I was happy to receive a very well thought out response to my recent post (thank you Martin) on the lack of ROI for developing GUI automation for web applications. Instead of burying the response in the comment section, I have posted the poster’s comments and interspersed my thoughts as well.
Here are Martin’s comments with my responses in quotes throughout.
Unfortunately, your blog entry does not mention how automation was done in either of the mentioned cases. It also does not seem to consider that test automation often is or should be aimed at regression testing (finding new issues in existing functionality that was changed). But I would like to take a step back for a moment.
John’s first thoughts:
Automation always helps to reduce the time to complete regression testing, and portions of your automation should also be run as part of your regular build process. The important point, though, is that you can build solid automation focused on at other levels (web services, unit tests, etc..) that will be far more reliable to run and maintain, providing huge value without the same maintenance requirements as you will find with GUI-based automation.
I have been building web applications for years and know that the above types of automation find the majority of the bugs. You will, of course, find a large #s of bugs is in cross platform, cross browser, tests cases. For example, you will often find bugs on the Mac with Safari that you do not see on Windows XP with IE 7. The problem, however, is finding GUI automation tools that are capable of running across the platforms you must support. If you can find, or build one, you must often build additional complexity into your test automation framework, leading to larger maintenance headaches. I still contend that these types of issues can be found more cheaply by manual resources.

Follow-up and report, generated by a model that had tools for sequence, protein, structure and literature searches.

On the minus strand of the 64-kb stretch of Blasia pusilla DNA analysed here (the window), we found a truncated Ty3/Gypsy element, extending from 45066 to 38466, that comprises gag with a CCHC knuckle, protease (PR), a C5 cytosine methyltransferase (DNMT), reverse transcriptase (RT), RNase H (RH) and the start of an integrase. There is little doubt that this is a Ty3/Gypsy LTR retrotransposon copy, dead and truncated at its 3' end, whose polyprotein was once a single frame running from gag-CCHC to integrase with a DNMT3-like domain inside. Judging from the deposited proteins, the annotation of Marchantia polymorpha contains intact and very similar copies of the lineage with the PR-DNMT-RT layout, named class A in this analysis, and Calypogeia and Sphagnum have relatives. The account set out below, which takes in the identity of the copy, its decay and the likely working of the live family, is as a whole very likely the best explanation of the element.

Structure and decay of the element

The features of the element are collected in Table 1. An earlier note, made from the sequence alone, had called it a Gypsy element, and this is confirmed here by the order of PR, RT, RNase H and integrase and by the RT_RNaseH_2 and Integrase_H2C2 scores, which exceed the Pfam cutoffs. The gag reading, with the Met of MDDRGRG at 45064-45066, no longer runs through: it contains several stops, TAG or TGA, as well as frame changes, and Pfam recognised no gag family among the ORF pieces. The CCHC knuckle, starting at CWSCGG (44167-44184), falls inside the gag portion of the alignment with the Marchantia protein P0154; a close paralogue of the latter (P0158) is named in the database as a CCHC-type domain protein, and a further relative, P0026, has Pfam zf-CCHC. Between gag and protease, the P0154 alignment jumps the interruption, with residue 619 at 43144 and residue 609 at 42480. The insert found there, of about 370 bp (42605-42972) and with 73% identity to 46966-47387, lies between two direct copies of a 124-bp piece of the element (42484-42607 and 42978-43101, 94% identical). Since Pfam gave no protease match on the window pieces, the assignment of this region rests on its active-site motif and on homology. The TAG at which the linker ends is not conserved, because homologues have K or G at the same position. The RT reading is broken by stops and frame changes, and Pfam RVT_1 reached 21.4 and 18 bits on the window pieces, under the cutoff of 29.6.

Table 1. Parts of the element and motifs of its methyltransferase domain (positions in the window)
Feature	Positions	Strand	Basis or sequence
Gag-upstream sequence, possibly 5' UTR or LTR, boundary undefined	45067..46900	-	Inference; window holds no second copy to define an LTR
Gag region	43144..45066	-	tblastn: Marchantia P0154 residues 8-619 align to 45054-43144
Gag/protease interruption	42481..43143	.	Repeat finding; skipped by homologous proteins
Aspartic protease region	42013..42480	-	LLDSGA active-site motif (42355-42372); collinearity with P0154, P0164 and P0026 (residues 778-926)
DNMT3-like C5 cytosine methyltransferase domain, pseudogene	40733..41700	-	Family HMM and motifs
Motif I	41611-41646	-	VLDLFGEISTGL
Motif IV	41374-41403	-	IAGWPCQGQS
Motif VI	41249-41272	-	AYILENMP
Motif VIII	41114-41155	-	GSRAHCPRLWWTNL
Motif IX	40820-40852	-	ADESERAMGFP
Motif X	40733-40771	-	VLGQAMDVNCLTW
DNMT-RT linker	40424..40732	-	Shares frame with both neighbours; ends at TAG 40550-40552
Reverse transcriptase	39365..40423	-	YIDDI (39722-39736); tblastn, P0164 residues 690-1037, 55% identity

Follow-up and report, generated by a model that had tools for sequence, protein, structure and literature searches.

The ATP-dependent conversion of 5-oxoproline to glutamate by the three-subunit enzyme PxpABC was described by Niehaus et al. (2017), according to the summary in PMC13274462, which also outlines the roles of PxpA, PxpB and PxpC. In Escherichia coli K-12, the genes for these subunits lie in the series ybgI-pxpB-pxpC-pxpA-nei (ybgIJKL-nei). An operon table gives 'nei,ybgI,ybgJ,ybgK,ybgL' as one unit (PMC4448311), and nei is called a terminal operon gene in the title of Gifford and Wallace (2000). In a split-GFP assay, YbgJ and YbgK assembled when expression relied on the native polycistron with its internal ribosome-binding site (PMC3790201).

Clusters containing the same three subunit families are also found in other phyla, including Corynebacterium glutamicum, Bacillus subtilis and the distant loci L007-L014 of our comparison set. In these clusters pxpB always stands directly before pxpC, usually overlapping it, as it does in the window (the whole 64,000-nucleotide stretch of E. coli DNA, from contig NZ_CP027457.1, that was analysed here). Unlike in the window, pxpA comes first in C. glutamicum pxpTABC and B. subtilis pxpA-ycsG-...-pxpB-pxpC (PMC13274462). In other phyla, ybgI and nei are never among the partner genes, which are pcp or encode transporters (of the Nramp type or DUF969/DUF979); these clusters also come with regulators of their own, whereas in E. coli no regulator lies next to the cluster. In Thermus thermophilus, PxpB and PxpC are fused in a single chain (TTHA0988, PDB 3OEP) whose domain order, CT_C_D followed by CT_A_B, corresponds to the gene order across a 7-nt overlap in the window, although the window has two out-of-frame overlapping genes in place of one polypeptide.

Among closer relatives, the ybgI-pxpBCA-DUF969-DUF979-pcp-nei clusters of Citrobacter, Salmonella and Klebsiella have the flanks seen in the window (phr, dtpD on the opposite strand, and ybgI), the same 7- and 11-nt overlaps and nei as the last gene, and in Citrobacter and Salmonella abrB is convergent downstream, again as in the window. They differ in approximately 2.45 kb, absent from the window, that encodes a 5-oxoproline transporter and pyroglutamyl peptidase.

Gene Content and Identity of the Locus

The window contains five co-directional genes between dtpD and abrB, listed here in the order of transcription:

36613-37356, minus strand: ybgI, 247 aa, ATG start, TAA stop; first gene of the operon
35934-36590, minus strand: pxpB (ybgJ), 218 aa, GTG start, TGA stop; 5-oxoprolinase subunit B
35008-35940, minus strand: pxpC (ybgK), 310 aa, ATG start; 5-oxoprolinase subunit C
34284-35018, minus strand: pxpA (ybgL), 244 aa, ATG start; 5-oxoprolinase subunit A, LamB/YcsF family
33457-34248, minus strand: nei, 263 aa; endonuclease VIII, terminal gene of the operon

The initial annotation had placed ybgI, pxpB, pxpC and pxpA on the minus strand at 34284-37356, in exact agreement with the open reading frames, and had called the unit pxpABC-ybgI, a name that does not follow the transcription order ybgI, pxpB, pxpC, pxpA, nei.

Let us consider what factors affect the ROI of a test automation project, for functional testing. Actually, the kind of interface (web, GUI, messaging, whatever) is not the essence, so the below would seem to apply to all test automation.
First of all, how do you define ROI? In terms of money only? That would depend on why you are automating in the first place. What business objectives is it meant to support? Lower cost? A common objective, certainly. But shortening time to market, higher quality, a better grip on the test process, and more effective use of scarce resources can also play their roles. Often a combination of these is desired, and sometimes cost is considered rather less important than others. But to keep it simple, I will focus on cost here.
“Businesses must always focus on ROI in terms of money, both short term expenses as well as long-term investments which include everything from maintenance costs to turnover of employees that are not happy with their career growth. While I will not go into a thorough multi-page analysis of the ROI, consider the following: